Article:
As logos go, it's a classic. It's damned simple - just a bar on a circle. It's as iconic as the tube map, or maybe even more so. It's the London Transport roundel. And it's celebrating its centenary this year.
If you're travelling round the Underground today, only a handful of places remain where an original-style roundel can still be seen. One location is at the foot ofthe stairs on the Districtlineplatforms at Ealing Broadway, while another lurks deep beneath the surface at CaledonianRoad. And then there's Covent Garden, right up at the far end of the westbound platform beyond the safety barrier where no mere mortal is permitted to tread. It's a very raw piece of signage, just a blue rectangle across a red enamel disc, with the station name written in some ancient font. But it was a first attempt to introduce consistent visual clarity for passengers, and remains perfectly recognisable to this day. The disc became a loopy circle in 1917, and rapidly spread across the entire network of buses, railways and coaches. I could tell you more, but why bother when the London Transport Museum has put together a perfectly detailed online illustrated history of 100 years of the evolving roundel.
TfL's centenary extravaganza doesn't stop there, oh no. A trio of commemorative roundels have been commissioned - one outside St James's Park station, another at New Shepherd'sBush and a third at Wood Lane. And there's also a celebratory (and rather cheap) exhibition with the catchy title of 100 Years, 100 Artists, 100 Works of Art. The title reveals the concept. The folks at Art On The Underground asked a ton of artists to knock up a bit of art inspired by the roundel. Cost so far, zero. Then they hung all the artworks in a school hall in Shoreditch. Cost so far, probably not much. And (starting tomorrow) they're going to auction off a print of each work in an eBay-style auction. Ultimate profit, probably quite a lot. Value-for-money obsessed Boris is no doubt very proud that these days even heritage contributes to TfL's coffers.
The exhibition's only open for three weeks, so I popped down last night to take a look. Annoyingly the nearest stationdoesn't open for two years, so I faced a considerable trek to reach the backstreets around Arnold Circus. Erm, I think it's around here somewhere, that looks a bit like a Victorian school, where's the way in, and is this door actually open? Ah yes. A welcoming committee of three girls awaited, sat behind a desk piled low with unbought merchandise. And then onward into the high-windowed school hall, a room I had almost to myself. Cue the art.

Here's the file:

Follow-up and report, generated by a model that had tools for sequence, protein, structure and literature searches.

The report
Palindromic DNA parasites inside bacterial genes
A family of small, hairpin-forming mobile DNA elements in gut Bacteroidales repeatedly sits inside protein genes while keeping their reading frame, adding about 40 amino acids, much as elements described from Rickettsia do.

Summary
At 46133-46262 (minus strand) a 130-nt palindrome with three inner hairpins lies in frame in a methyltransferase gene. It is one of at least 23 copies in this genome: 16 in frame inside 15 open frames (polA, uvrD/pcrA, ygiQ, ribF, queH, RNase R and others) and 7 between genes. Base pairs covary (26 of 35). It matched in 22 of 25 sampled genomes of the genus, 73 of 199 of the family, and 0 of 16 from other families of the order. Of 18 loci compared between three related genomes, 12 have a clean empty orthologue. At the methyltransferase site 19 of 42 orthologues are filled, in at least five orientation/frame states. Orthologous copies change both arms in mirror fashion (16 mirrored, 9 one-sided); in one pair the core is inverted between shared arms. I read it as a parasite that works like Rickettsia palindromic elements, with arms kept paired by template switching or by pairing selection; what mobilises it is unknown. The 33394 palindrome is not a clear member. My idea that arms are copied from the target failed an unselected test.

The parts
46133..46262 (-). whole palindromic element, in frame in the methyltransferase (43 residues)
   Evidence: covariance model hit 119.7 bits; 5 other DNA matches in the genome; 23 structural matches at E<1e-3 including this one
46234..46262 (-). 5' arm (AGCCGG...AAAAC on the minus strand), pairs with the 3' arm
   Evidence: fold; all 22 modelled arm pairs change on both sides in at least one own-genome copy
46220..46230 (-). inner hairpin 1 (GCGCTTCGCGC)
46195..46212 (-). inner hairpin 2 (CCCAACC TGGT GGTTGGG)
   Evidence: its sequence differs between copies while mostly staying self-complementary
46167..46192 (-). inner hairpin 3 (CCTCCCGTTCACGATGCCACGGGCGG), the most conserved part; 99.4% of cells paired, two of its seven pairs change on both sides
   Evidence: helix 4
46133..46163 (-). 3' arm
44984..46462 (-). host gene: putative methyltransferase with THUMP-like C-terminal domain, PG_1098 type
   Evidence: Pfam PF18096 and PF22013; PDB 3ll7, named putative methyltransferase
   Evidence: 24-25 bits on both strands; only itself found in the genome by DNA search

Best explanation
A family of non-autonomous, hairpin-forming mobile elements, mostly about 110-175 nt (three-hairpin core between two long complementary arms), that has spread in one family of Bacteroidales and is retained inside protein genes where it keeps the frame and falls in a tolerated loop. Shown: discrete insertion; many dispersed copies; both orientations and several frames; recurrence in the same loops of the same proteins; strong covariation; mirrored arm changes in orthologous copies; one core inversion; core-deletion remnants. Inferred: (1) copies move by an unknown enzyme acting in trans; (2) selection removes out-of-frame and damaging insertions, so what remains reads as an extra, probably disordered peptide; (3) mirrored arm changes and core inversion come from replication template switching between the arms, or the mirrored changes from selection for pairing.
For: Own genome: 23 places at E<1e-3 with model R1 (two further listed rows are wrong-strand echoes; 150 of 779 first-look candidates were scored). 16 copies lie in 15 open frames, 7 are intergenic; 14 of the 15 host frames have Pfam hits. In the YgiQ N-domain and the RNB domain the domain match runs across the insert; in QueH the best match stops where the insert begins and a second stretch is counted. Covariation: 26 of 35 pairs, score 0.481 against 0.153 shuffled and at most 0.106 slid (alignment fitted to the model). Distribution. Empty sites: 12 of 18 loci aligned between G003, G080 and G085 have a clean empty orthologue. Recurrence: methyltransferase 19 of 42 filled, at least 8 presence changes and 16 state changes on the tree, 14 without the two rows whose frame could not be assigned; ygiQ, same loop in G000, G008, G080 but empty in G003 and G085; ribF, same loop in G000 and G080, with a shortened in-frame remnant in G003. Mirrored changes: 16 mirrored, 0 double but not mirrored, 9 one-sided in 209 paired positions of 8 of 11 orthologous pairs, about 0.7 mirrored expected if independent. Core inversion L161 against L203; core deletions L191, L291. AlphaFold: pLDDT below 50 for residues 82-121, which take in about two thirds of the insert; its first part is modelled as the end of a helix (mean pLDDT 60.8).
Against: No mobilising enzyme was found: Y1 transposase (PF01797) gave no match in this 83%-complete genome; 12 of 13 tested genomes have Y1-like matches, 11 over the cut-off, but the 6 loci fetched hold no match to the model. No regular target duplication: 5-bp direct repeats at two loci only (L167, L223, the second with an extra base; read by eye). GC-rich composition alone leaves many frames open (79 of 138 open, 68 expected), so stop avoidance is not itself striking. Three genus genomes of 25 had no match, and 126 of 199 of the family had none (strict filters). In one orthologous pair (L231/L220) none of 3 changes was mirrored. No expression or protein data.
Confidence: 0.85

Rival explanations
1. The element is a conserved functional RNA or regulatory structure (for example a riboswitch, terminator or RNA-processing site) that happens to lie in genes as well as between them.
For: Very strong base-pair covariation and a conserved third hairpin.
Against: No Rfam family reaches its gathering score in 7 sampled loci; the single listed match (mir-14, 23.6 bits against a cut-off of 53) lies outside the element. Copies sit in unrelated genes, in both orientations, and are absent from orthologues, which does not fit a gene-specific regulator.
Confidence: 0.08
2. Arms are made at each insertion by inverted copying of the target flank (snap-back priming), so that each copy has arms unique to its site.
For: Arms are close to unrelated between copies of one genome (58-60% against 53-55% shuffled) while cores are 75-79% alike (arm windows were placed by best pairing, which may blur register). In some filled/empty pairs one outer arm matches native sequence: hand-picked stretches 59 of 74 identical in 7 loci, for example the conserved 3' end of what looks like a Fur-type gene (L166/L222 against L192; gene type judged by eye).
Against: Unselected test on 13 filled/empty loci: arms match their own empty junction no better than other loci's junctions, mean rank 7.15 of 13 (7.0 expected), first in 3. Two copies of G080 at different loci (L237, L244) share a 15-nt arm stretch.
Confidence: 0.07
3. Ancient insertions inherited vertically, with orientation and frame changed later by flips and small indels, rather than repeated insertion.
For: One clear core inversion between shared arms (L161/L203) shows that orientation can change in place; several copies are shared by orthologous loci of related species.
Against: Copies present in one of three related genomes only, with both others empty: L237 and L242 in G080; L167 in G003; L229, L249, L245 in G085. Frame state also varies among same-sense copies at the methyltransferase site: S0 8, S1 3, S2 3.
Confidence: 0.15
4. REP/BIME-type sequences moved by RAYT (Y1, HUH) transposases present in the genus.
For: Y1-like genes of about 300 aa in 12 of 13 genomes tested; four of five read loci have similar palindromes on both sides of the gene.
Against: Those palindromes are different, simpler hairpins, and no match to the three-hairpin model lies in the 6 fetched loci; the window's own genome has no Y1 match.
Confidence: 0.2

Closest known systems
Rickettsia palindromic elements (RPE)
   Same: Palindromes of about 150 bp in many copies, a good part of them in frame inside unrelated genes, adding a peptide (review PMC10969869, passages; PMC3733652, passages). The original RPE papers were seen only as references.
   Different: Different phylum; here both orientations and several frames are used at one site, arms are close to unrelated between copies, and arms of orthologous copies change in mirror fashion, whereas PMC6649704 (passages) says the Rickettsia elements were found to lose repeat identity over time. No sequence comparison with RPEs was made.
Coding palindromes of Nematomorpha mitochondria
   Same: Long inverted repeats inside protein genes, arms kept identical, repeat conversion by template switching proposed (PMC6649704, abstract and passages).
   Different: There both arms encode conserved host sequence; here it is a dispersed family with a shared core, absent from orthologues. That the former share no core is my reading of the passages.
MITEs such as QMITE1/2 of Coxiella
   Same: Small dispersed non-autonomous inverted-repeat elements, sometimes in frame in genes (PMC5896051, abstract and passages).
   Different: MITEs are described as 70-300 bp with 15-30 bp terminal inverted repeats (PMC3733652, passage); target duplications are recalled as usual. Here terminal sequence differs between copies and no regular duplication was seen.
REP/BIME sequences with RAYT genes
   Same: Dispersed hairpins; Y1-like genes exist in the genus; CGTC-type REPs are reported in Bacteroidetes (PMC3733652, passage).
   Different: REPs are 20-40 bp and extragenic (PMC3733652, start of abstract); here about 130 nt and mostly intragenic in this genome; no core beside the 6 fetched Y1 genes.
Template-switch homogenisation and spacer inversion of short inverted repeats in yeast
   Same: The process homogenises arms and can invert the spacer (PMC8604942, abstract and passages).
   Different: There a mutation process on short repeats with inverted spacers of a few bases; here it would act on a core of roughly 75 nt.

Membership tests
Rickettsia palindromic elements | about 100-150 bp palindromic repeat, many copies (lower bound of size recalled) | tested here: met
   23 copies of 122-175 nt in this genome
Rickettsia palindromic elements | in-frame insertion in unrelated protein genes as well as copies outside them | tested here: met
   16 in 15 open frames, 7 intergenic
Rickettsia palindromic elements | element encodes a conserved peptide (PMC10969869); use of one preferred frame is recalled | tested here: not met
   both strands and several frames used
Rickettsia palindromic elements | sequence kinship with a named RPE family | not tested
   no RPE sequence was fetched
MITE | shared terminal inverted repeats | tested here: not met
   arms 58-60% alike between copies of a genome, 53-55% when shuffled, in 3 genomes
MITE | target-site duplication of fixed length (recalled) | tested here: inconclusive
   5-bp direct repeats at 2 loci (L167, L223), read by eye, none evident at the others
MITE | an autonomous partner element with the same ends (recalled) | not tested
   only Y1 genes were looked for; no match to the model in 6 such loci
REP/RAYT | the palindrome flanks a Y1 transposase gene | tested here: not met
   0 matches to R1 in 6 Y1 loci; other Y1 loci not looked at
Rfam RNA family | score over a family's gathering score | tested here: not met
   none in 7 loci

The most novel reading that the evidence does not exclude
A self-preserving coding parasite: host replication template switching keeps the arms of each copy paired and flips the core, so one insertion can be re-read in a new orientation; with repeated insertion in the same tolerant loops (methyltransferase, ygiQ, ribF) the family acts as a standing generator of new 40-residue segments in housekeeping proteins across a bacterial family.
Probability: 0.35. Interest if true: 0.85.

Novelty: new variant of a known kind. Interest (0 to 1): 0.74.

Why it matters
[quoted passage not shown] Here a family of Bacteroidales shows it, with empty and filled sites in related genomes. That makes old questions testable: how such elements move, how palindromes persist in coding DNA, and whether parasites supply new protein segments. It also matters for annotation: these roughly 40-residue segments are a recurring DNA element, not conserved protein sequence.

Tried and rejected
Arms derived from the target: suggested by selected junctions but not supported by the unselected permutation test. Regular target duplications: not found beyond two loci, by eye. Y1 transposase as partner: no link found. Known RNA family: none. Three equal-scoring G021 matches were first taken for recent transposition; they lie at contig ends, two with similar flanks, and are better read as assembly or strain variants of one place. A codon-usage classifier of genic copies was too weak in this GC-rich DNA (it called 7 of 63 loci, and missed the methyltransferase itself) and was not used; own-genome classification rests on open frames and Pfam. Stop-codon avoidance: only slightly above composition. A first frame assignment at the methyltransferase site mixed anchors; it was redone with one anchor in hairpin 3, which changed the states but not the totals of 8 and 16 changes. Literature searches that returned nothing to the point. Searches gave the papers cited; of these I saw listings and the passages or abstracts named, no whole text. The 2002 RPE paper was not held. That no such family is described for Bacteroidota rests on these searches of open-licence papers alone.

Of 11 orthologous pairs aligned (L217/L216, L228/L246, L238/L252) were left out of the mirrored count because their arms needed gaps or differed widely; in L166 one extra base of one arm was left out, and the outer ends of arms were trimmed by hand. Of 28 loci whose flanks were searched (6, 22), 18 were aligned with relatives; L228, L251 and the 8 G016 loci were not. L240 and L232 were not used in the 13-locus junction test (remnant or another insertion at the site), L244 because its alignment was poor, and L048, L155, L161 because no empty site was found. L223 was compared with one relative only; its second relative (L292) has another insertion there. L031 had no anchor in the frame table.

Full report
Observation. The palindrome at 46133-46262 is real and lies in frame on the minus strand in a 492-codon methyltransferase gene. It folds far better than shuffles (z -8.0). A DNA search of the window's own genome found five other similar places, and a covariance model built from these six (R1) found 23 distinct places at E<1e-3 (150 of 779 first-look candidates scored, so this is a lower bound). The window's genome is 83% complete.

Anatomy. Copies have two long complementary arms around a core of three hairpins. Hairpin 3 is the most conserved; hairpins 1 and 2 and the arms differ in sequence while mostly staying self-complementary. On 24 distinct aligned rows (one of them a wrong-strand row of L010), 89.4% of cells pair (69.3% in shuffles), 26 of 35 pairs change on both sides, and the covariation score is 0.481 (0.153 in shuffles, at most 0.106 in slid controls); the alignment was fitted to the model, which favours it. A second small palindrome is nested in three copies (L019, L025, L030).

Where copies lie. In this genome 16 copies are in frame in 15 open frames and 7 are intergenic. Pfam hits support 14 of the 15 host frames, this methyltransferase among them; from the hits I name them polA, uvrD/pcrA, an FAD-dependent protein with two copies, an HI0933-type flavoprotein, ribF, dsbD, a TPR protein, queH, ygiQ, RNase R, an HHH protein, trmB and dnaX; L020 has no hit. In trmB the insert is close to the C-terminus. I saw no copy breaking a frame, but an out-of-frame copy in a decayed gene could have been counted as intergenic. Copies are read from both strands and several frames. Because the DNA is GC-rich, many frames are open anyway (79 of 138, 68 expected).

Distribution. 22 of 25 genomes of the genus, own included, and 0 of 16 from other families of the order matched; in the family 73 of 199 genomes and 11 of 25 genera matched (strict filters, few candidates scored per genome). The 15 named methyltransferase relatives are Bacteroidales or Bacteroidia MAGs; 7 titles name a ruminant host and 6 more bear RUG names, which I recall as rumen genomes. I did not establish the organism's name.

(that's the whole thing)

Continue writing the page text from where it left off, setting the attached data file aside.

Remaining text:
Ooh, this was a rather diverse selection. The artists have interpreted their brief in a multitude of different ways, some graphic, some literal, some photographic, some abstract and some just wonderfully obtuse. Some looked like the heritage posters of old, while others were considerably more modern. Some made me go "wow, that's clever", and others made me think "pah, I bet they dashed this rubbish off in a few minutes". Proper art, then. But then you can't really go wrong with a roundel. Something circular-ish with something rectangular-ish across it, tarted up a bit, done.
I amused myself by wandering the walls trying to work out which artwork I'd bid for, if I actually did that sort of thing. My eye was taken by the more abstract designs, using the roundel as part of a repeating moquette or as a long distance reveal. Maybe the roundel as a flock of birds, or as a Mobius strip, or as a hole in a sliced loaf. Or maybe the atmospheric landscape in which a shimmering roundel reflected on a tree-shadowed pool. Sir Peter Blake had taken a very colourful geometric approach, which worked strikingly well. But my ultimate favourite was picture number 18 by Henry Coleman, the Venn diagram in which a sea of blue bars morphed effortlessly into a army of red circles. I like my art clever but simple. Which is, essentially, why the adaptable old roundel has survived the century.